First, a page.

Edition V20N01 | Year 2015 | Editorial Evidence based Orthodontics | Pages 17 to 19
< a name = "summary" id = "summary"> Systematic reviews and meta-analyses, as already reported in the opening article of this section, are the highest level of scientific evidence1 and may strengthen clinically useful evidence.2 That means that, according to evidence-based Dentistry, clinically significant results found in clinical and laboratorial researches will be incorporated in clinical practice, especially in dependence on conclusions drawn from systematic reviews and meta-analyses. For this reason, assessing articles and understanding their findings may be a valuable time saver for every clinician who wishes to introduce new conducts, technologies or treatments into his/her clinical practice in a responsible and scientific manner. Therefore, reading a good systematic review or meta-analysis would prevent clinicians from reading several original research articles (which may be gathered in the systematic review) with a view to reaching a clinical conclusion. However, it is critical for the clinician to read systematic reviews and meta-analyses with a minimum comprehension of their structure and characteristics in order to interpret their findings in a reliable and clinically advantageous manner.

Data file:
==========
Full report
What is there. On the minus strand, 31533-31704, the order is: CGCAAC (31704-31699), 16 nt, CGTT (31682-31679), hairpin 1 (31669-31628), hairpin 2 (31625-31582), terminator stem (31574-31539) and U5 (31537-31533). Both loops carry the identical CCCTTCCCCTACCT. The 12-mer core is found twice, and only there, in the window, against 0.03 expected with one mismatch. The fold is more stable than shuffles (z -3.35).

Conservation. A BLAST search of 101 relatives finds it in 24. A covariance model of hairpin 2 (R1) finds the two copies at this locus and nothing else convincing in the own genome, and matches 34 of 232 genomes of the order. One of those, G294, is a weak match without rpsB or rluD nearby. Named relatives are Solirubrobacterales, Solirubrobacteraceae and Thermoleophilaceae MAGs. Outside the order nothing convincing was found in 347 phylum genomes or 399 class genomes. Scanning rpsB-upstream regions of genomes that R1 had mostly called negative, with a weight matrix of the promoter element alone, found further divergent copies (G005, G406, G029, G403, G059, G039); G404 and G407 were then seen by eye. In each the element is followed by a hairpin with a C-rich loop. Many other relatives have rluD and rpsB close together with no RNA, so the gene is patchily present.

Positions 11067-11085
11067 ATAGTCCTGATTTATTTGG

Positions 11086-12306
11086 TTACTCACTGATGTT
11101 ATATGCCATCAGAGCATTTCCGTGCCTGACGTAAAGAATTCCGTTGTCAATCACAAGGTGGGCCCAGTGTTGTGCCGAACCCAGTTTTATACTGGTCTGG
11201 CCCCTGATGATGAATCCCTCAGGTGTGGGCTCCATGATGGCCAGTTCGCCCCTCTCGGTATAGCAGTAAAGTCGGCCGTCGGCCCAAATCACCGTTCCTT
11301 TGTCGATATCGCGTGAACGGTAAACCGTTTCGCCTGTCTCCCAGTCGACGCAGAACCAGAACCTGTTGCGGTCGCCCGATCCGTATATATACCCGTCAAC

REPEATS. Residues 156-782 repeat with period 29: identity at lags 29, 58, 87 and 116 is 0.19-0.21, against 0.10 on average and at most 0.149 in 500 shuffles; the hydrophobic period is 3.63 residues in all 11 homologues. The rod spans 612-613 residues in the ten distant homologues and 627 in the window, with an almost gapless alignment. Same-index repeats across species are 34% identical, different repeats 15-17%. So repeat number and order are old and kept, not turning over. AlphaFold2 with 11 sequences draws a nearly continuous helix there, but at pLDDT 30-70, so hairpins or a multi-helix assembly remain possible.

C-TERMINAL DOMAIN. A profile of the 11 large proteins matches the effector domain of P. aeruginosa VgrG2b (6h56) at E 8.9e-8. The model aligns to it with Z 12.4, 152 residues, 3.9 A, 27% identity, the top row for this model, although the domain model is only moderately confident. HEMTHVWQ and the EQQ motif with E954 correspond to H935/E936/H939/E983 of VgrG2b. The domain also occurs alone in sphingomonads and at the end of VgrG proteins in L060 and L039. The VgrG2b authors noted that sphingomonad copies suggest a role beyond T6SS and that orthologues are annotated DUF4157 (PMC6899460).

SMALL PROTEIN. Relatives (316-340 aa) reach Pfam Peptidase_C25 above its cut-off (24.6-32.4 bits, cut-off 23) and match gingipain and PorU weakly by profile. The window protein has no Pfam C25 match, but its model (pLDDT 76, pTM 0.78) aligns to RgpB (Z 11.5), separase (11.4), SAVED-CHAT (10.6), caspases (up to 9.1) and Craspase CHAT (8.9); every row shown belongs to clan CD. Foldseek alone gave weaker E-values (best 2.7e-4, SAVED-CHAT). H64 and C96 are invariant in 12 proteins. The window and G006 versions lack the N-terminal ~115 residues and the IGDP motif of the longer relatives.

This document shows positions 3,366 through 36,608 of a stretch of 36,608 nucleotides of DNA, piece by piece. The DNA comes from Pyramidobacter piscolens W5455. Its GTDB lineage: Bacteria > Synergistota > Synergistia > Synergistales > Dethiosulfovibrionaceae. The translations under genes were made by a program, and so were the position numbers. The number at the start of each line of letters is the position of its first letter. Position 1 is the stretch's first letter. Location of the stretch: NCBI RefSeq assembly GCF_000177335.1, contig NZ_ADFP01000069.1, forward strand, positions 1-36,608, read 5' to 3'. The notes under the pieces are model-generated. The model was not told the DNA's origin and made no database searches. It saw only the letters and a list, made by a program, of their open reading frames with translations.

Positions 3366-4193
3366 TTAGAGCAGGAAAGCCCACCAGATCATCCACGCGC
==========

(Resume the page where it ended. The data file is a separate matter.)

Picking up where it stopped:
Mattos CT, Ruellas ACO. Systematic review and meta- analysis: What are the implications in the clinical practice? Dental Press J Orthod. 2015 Jan-Feb;20(1):17-9. DOI: http://dx.doi.org/10.1590/2176-9451.20.1.017- 019.ebo